Most NAS units, plenty of IT-Appliances (Routers, Access Points, Firewalls, etc.), Car Radios, consumer equipment, some Smartphones, etc. run Linux. Had Linux been included, my educated guess would be that it beats all of the named OS’s hands down.

Ah, by the way Gartner, did you forget that both Android and Chrome are based on Linux?

C’mon Gartner, don’t you have better and more intelligent things to do?



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Bait-and-Switch in an Apple Store?

During our visit to the US, my wife was in the market for a new iPhone 5c. Not far from where we stayed (San Jose, CA), there was an Apple Store in a mall. Off we went, since - oddly enough - that model was cheaper at Apple than at other stores that sold the device.

My wife wanted a 16GB pink model and the friendly “dude” that helped us found it to be in stock - for the expected $599. Out came the box, he scanned the barcode and said “that’ll be $756.67, please”. Seeing as sales tax in CA is 8.25%, I would have caught that after a hard night of drinking.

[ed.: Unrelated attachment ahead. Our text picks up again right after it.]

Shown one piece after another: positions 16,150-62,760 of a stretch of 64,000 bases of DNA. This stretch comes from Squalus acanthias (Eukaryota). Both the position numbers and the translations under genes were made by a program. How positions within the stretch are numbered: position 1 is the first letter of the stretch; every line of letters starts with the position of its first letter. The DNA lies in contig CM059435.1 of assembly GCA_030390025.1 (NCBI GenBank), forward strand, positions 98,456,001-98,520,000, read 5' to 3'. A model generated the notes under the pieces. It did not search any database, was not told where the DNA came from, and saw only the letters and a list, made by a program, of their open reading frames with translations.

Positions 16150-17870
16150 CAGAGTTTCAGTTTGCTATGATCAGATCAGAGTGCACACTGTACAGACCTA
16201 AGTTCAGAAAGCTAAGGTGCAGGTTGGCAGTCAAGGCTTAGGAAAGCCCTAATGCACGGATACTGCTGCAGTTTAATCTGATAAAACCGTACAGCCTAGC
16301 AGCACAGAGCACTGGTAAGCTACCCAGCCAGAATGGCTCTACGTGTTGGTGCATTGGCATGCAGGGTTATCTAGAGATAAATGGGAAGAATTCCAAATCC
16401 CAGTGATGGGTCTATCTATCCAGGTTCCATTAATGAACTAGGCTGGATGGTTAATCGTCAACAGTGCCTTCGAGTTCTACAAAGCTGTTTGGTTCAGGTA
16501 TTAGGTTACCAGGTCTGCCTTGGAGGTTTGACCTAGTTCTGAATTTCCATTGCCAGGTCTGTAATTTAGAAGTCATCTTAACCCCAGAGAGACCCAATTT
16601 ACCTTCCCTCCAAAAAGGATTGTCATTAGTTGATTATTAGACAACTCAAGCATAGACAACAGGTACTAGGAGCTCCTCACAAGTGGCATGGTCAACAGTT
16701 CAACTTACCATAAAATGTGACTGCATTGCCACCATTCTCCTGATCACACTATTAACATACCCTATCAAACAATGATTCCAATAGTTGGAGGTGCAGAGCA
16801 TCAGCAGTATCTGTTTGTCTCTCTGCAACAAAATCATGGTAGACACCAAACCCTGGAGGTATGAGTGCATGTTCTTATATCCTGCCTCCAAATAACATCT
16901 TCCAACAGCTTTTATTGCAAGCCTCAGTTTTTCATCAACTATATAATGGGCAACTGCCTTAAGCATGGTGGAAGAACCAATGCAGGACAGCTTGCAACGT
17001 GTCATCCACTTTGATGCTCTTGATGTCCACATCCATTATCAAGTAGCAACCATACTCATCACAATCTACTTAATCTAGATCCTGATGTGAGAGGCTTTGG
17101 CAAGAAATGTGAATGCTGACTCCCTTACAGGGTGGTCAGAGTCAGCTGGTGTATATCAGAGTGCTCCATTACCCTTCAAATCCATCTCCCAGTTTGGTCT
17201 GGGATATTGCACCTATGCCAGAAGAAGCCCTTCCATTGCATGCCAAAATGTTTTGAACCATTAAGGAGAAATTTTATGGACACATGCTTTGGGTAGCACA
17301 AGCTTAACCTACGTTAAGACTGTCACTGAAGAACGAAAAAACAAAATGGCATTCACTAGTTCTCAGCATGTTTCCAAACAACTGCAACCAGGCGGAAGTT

Not unexpected, the model they retrieved was the 32GB one. When we pointed out the error, he dove back into the storage area in the back of the store, only to come out with the info that the 16GB model seemed to be out of stock (what, Apple doesn’t keep track of its merchandise electronically?) and asked if we wanted to get the 32GB model instead.

We declined and opted for a yellow 16GB model, which was retrieved and paid for. Apparently, while searching for the yellow model, the pink one magically reappeared, as a colleague came out of the dungeon with it and our sales guy exchanged the yellow one we’d bought for the pink.

Okay, maybe they don’t have their warehouse under control, but quite honestly, it sure felt like a bait-and-switch to me...
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Windows 8 - What a Disaster